By Suzy Marinkovich, KF 8/9

As you may have seen, over the past couple of months Kiva has seen its first loans expire on the site.  Currently, I am in my eighth week of working with a brand-new Kiva partner, CIDRE, an MFI specializing in agriculture and livestock loans in Bolivia.  I mention this because I’ve noticed a significant portion of the loans that have expired or are close to expiration are from MFIs in Bolivia. I realize my opinion is skewed by having spent only a handful of days at Kiva headquarters followed by 5 months at two Kiva partners in South America.  As a result, I don’t have really have a great vision from the top – I don’t understand all the organizational elements in place to keep Kiva sustainably rolling.  I am just going to call it like I see it now, sun-drained from a long day spent on grueling rural roads, visiting incredibly inspiring Kiva borrowers and successful social projects CIDRE has had a hand in.

My understanding of the premise behind loan expiration is that it allows for Kiva to be more of a marketplace – where instead of making decisions on the end of Kiva, they are made on the end of the MFI and the funding choice is up to the lenders.  Thus, the website itself is designed to be like an Ebay for microloans, an intermediary between funders and the funded.

Here is my reasoning for why I personally believe the expiration of loans on Kiva could be detrimental:

1(a). To make an analogy with the child-sponsorship model (please bear with me as it’s stretch): imagine a marketplace for sponsoring children’s school loans, with the exact same design as Kiva.  At this hypothetical site, lenders like us could lend to cover school fees for children that would pay for middle or high school (in many countries, attending said schools requires paying school fees).  Children’s photos and biographies are thus posted to this hypothetical site, and we treat it like a marketplace. Then, as the site expands and more loans are posted, certain kids aren’t being funded – their loans expire on this site.  Then, you pull up the pages of all the children whose loans expired, and they are all kids who aren’t cute or aren’t fitting our notion of how a needy child should look.  As you can see, this is unfairly discriminant.

1(b). The positive idea behind Kiva-as-a-marketplace is to support the notion that only the most eligible borrowers get funded.  But, I think if we pay extra close attention to the “loans expiring soon” page, we may begin to see patterns.  For example, as I write this, the two loans closest to expiration are men and from Lebanon.  These loans are followed by several from Bolivia, which are in turn followed by a few from Peru (which could also be due to Kiva having more MFI partners in this area).  However, I don’t see any fruit sellers or women from Africa close to expiration, for example.  Now is a good time to reflect on Kiva’s core mission: “connecting people for the sake of alleviating poverty.” Does this show us that “lending for the sake of alleviating poverty” is actually, in practice, proving itself to look like “lending to certain people that fit our notion of poverty for the sake of alleviating their poverty”? And is this fair?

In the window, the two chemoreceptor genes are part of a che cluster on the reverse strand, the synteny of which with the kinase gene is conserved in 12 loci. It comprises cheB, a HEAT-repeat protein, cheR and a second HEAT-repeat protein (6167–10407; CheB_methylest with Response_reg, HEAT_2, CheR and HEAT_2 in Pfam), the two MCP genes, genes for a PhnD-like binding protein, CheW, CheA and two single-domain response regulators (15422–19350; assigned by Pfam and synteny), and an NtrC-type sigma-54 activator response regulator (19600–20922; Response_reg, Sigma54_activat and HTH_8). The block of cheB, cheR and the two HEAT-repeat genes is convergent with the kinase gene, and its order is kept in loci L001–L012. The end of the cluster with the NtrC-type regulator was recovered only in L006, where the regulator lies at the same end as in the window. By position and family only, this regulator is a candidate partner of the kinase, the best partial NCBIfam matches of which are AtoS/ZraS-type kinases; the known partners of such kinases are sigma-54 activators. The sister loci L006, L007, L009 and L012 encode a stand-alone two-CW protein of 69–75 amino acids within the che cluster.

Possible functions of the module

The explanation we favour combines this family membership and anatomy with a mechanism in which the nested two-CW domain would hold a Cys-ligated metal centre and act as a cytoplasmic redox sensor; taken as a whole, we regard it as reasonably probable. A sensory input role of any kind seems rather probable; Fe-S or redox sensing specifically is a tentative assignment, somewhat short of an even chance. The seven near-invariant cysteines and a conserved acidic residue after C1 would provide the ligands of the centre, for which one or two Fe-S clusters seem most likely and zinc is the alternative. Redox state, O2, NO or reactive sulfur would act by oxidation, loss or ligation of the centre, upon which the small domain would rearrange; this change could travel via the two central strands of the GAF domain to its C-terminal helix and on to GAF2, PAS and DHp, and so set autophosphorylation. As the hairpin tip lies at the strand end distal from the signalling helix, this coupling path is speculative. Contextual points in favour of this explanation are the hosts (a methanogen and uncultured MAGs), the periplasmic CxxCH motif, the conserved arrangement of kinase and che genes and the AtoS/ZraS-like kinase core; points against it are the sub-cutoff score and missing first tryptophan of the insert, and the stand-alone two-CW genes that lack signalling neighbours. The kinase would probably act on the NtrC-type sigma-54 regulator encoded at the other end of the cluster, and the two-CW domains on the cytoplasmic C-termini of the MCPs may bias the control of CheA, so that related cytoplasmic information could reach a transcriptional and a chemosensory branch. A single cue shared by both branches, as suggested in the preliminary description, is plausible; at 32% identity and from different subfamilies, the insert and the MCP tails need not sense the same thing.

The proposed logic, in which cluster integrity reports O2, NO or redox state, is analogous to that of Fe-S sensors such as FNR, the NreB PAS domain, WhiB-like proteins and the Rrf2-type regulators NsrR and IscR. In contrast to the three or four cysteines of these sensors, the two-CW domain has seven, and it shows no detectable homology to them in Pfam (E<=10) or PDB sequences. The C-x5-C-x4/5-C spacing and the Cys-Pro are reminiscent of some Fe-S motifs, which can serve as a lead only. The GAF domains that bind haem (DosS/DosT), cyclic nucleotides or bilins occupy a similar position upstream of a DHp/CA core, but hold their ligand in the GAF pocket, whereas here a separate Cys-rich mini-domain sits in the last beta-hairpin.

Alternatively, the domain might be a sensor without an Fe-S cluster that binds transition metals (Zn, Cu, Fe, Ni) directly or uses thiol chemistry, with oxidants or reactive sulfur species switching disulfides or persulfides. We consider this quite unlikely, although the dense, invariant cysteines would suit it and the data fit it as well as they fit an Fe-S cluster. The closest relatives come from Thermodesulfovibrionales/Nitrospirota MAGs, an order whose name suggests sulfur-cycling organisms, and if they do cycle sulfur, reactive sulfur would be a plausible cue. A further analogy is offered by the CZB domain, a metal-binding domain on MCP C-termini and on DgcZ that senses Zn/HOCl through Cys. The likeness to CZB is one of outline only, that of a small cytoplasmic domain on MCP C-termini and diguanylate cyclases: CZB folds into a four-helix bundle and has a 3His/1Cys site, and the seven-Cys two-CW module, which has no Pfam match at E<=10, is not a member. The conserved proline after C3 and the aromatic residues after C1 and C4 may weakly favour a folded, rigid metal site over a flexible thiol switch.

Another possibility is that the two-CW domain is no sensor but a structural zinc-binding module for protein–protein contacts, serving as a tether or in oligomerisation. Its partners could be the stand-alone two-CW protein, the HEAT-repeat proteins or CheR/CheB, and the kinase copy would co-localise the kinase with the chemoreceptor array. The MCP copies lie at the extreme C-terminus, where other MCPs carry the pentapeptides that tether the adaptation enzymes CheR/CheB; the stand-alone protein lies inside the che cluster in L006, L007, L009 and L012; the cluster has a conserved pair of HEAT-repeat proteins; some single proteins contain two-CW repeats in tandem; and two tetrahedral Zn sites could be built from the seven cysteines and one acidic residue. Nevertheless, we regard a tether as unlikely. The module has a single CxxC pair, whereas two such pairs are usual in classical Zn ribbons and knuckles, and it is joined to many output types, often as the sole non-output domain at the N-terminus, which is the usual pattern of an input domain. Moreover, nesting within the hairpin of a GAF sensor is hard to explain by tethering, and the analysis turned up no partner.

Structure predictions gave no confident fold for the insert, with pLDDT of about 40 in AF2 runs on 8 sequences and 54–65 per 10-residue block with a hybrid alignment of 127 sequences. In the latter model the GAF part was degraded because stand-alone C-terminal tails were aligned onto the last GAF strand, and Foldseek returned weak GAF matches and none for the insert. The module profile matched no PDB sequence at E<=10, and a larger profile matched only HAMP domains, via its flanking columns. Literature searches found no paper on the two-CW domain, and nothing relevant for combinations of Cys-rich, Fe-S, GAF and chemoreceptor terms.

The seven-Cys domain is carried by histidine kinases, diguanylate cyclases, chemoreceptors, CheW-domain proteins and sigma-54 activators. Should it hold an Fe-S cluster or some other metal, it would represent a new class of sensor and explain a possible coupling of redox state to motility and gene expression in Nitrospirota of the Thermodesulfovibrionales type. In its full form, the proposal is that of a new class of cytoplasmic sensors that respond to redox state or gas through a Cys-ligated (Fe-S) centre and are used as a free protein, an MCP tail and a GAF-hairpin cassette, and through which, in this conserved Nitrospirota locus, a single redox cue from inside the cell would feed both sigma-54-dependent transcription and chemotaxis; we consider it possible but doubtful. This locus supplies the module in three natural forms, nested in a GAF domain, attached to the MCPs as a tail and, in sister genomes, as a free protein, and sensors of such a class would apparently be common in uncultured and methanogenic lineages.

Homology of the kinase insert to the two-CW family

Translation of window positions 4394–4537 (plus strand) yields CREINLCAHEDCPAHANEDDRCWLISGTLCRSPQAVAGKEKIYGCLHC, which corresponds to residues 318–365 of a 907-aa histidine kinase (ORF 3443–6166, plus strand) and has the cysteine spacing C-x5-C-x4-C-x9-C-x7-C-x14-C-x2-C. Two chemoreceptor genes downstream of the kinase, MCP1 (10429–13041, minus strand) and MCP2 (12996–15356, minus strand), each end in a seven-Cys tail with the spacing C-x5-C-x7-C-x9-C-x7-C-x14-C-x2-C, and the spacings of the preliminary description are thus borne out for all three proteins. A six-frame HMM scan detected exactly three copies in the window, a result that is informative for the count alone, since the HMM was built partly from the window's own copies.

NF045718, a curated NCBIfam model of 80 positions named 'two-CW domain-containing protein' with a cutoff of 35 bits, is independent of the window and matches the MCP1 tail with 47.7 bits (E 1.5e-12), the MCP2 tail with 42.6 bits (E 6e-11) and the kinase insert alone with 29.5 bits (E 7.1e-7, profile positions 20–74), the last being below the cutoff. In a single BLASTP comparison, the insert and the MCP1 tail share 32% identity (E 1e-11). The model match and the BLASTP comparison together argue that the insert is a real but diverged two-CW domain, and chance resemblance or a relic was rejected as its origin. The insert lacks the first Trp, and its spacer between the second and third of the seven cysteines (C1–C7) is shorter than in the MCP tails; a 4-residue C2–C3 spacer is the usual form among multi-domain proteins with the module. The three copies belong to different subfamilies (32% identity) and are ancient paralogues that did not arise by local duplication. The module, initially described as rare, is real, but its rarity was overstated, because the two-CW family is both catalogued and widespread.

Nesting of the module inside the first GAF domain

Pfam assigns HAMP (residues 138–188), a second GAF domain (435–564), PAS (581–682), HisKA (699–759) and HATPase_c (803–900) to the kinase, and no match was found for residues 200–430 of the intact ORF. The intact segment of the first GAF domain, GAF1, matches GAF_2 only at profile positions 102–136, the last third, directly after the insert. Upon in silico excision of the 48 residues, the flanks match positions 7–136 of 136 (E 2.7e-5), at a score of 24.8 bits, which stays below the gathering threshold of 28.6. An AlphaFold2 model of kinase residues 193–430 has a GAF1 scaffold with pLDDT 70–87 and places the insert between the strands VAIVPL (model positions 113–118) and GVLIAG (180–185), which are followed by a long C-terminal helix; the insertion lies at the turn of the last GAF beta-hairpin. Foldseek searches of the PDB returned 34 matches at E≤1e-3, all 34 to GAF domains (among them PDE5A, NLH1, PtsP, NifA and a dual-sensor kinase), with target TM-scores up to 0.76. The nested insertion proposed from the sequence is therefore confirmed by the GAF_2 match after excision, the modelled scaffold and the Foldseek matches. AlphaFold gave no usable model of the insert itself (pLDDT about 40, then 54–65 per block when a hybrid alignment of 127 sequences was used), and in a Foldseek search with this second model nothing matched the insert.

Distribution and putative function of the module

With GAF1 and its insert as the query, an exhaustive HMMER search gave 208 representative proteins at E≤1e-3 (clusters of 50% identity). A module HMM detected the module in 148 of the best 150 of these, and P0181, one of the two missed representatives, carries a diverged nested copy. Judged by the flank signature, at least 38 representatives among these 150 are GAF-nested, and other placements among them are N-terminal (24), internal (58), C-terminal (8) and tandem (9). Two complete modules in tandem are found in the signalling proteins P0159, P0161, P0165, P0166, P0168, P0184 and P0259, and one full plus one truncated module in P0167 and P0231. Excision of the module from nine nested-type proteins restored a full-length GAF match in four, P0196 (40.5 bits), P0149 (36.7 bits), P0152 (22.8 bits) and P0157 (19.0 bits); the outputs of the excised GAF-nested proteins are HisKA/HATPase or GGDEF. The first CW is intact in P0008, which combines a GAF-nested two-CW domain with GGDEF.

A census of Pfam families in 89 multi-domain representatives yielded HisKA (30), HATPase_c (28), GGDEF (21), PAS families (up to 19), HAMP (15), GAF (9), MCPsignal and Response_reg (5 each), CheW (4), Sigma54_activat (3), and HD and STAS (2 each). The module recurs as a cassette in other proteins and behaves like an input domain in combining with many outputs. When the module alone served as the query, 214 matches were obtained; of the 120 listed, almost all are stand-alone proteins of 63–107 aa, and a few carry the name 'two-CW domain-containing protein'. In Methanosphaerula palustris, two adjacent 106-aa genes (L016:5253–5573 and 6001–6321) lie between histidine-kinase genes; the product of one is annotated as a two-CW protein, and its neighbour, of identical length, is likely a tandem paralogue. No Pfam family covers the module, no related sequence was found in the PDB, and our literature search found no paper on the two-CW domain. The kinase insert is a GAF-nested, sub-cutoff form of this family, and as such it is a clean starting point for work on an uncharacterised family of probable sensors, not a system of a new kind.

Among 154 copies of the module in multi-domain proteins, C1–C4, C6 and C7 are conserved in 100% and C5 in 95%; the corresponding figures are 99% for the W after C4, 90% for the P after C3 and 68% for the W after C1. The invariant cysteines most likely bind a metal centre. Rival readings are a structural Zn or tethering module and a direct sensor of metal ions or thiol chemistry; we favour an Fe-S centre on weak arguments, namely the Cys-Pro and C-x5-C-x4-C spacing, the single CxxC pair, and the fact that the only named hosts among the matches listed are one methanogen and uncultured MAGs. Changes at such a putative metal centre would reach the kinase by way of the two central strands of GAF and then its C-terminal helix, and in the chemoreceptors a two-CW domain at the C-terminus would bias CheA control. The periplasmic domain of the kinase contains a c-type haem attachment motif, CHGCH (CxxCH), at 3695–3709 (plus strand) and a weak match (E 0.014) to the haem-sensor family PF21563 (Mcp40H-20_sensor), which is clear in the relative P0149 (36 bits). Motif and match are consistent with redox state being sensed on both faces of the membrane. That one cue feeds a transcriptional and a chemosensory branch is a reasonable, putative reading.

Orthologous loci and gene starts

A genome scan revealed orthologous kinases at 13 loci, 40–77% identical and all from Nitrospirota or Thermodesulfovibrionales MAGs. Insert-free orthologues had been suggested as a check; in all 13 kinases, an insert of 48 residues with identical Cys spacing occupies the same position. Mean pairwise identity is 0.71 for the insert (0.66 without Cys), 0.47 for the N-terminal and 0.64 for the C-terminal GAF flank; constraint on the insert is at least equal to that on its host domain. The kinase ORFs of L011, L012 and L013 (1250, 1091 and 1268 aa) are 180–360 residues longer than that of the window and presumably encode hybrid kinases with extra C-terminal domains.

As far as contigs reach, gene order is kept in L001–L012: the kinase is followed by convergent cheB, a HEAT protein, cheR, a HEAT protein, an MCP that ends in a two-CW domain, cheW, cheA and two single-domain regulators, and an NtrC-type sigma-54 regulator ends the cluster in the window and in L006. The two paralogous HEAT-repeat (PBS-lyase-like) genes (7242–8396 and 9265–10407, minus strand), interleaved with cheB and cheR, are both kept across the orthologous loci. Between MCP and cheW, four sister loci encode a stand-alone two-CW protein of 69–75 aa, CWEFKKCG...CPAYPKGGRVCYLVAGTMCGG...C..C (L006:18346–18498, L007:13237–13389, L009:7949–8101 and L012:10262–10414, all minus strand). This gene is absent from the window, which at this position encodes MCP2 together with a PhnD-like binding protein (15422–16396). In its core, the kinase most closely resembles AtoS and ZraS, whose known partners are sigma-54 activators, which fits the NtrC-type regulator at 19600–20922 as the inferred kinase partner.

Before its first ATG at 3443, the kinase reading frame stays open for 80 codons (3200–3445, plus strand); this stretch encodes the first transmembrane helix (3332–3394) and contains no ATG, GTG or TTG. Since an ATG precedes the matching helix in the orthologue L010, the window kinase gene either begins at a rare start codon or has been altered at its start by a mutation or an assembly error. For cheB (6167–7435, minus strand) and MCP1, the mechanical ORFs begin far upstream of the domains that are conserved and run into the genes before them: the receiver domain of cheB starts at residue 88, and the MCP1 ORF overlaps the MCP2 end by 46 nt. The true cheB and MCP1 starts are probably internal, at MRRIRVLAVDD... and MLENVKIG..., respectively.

We can all agree that at times throughout history, capitalism has led to discrimination against certain classes and groups of people.  Minority rights cannot be left up to the voting majority; the constitution and the courts must protect them.  The clause “all men are created equal” was the premise most effectively used in the fight for civil rights, as it pointed out a gaping contradiction between the social reality and the constitution itself.  But ultimately, court cases like Brown v. Board of Education led to the expanded freedoms we now see today.  Otherwise, a simple popular vote may have found that the will of the majority (the ‘tyranny of the majority’), perhaps themselves raised with discriminatory beliefs, would’ve refused the minority group’s different interpretation of that clause.

Humans – even in mass – aren’t always right.  During Kiva Fellows training, we learned that certain stories are traditionally funded faster on Kiva than others (e.g. fruit stand vendors over taxi drivers).  If all other things are equal – meaning those two borrowers are suffering the same level of poverty and have an equal chance that the loan will vastly improve their respective businesses – is that ethical?  While fostering growth in the fruit stands is awesome, Kiva still has that mission to help the poor.  So is it okay to treat the poor like a market and only take care of some poor individuals over others because their businesses are more fashionable and appealing to us?  This is something for us to reflect upon.